Residential Security Deposits in Florida: A Landlord’s Guide for Retention of Deposits & Payment of Interest
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Security deposits are obviously one of the most important tools for landlords to protect their property when leasing it to a tenant. However, when accepting a security deposit, residential landlords must comply with Florida law governing how security deposit must be held and how the accrued interest is paid out to the tenant. If the landlord fails to comply with the applicable laws, the security deposit can quickly transform from a useful tool into a nuisance.
First, landlords in Florida are not required to hold security deposits in interest-bearing accounts. Pursuant to Florida Statute § 83.49(1)(a), landlords may elect to hold security deposits in non-interest-bearing accounts. When the landlord chooses that option, he must not co-mingle the security deposit with any other funds.
But, where the landlord holds a tenant’s security deposit in an interest-bearing account, the tenant is entitled to collect some of the interest accrued on the deposit. Pursuant to § 83.49(1)(b), the tenant shall receive either 75% of the annualized average interest rate payable on such account, or 5% per year, simple interest, whichever the landlord elects. The interest must be paid out to the resident at least annually, or it may serve as an offset to the tenant’s monthly rent.
Where the landlord offers leases in excess of 12 months, the interest should be paid on or before the one-year anniversary of execution of the lease, and then on the same day every year thereafter. For 12-month leases, the landlord should pay out the accrued interest when the lease terminates, when the tenant renews his or her lease at the end of the 12-month period, or, if the tenant has indicated in advance that he or she will not renew the lease upon expiration, credited against the last month’s rent payment. For those leases with a duration of less than a year, the accrued interest should be paid out when the lease expires.
Landlords should note that no interest is due to a tenant who wrongfully terminates his or her lease, pursuant to § 83.49(9).
Under § 83.49(2), where the landlord rents more than five individual dwelling units, and regardless of the length of the lease, within 30 days of receipt of the security deposit, the landlord must give the tenant written notice, sent by certified mail or hand-delivered to the tenant, and stating the following: a) the name and address of the bank where the security deposit is being held; and b) whether the tenant is entitled to interest on the deposit. The notice must also contain the following disclosure:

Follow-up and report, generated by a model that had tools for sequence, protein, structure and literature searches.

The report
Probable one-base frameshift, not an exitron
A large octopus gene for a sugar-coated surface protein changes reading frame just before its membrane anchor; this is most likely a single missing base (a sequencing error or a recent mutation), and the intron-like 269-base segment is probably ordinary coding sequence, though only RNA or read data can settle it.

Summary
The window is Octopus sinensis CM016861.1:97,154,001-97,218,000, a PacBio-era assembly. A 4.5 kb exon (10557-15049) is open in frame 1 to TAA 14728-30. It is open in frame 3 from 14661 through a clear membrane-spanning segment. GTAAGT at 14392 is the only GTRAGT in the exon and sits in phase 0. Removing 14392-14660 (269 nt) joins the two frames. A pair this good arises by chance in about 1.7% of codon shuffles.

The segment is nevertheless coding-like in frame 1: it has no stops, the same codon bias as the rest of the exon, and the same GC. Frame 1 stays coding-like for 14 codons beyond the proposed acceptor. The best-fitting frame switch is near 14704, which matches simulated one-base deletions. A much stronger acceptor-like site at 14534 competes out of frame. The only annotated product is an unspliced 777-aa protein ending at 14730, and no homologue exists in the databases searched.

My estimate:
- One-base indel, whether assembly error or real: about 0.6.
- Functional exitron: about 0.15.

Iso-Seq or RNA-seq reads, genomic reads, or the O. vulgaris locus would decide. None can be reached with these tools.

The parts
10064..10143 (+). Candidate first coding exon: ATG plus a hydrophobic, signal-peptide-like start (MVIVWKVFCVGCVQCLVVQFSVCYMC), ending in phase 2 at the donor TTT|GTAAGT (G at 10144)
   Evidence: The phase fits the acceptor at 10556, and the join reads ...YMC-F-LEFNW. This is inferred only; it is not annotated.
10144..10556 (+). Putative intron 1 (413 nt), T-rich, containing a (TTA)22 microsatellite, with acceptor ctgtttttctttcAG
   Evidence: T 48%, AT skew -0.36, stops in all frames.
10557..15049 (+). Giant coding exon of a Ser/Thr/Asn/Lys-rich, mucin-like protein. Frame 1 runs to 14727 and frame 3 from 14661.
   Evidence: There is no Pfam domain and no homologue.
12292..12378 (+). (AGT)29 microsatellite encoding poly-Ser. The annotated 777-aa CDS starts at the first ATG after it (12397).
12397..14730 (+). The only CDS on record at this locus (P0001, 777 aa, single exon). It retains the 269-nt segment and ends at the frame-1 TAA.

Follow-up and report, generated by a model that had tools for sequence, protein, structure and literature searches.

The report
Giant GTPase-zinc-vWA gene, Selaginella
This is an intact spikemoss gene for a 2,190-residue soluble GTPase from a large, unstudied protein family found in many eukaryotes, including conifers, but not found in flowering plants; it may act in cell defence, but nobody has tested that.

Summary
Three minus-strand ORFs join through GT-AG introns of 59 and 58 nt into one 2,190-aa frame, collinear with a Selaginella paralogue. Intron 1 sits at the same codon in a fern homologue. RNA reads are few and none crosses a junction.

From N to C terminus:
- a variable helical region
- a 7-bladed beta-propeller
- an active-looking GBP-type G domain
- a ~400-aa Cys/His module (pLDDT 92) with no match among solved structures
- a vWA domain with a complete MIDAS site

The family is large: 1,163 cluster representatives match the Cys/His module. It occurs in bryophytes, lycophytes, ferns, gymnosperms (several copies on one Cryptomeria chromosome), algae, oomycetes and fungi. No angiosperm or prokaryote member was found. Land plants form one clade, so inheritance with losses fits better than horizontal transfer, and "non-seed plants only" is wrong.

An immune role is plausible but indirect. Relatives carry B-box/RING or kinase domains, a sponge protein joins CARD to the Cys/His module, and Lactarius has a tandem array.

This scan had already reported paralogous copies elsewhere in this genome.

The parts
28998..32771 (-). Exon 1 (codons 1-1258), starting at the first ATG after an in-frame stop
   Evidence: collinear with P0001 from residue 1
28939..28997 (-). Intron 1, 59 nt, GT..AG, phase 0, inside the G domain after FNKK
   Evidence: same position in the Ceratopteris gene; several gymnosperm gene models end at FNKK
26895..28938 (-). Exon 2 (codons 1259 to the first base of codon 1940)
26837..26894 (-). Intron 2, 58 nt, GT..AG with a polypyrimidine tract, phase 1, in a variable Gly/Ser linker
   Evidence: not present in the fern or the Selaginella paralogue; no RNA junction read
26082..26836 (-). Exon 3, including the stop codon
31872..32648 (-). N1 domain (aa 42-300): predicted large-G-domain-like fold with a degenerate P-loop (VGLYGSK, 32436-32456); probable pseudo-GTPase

“YOUR LEASE REQUIRES PAYMENT OF CERTAIN DEPOSITS. THE LANDLORD MAY TRANSFER ADVANCE RENTS TO THE LANDLORD’S ACCOUNT AS THEY ARE DUE AND WITHOUT NOTICE. WHEN YOU MOVE OUT, YOU MUST GIVE THE LANDLORD YOUR NEW ADDRESS SO THAT THE LANDLORD CAN SEND YOU NOTICES REGARDING YOUR DEPOSIT. THE LANDLORD MUST MAIL YOU NOTICE, WITHIN 30 DAYS AFTER YOU MOVE OUT, OF THE LANDLORD’S INTENT TO IMPOSE A CLAIM AGAINST THE DEPOSIT. IF YOU DO NOT REPLY TO THE LANDLORD STATING YOUR OBJECTION TO THE CLAIM WITHIN 15 DAYS AFTER RECEIPT OF THE LANDLORD’S NOTICE, THE LANDLORD WILL COLLECT THE CLAIM AND MUST MAIL YOU THE REMAINING DEPOSIT, IF ANY.
IF THE LANDLORD FAILS TO TIMELY MAIL YOU NOTICE, THE LANDLORD MUST RETURN THE DEPOSIT BUT MAY LATER FILE A LAWSUIT AGAINST YOU FOR DAMAGES. IF YOU FAIL TO TIMELY OBJECT TO A CLAIM, THE LANDLORD MAY COLLECT FROM THE DEPOSIT, BUT YOU MAY LATER FILE A LAWSUIT CLAIMING A REFUND.
YOU SHOULD ATTEMPT TO INFORMALLY RESOLVE ANY DISPUTE BEFORE FILING A LAWSUIT. GENERALLY, THE PARTY IN WHOSE FAVOR A JUDGMENT IS RENDERED WILL BE AWARDED COSTS AND ATTORNEY FEES PAYABLE BY THE LOSING PARTY.
THIS DISCLOSURE IS BASIC. PLEASE REFER TO PART II OF CHAPTER 83, FLORIDA STATUTES, TO DETERMINE YOUR LEGAL RIGHTS AND OBLIGATIONS.”
Additionally, rather than place the security deposit into an interest-bearing or non-interest-bearing account, § 83.49(1)(c) allows the landlord to instead post a surety bond for the security deposit. In such instances, the bond must be executed by the landlord as principal as well as a surety company authorized and licensed to do business in Florida. The bond must be posted with the clerk of the circuit court in the county in which the real property is located, and must be in the total amount of the security deposits and advance rent the landlord holds on behalf of all tenants, or $50,000.00, whichever is less. When posting a bond, the landlord must pay the tenant annual interest in the amount of 5%. As where the deposit is held in an interest-bearing account, if the tenant has a 12-month lease, then the interest should either be paid out when the lease terminates, when the tenant renews his or her lease at the end of the 12-month period, or, if the tenant has indicated in advance that he or she will not renew the lease upon expiration, credited against the last month’s rent payment. If the tenancy is for less than 12 months, then the interest should be paid out at the end of the tenancy.
Where a landlord leases properties in five or more counties in Florida, § 83.49(1)(c) allows the landlord to post the surety bond with the office of the Secretary of State. The bond must be in the amount of the security deposits and advance rent held on behalf of all tenants, or $250,000.00, whichever is less. In this situation, the requirement to pay out 5% annual interest, and the timing thereof, remains the same as where the landlord leases properties in less than 5 counties.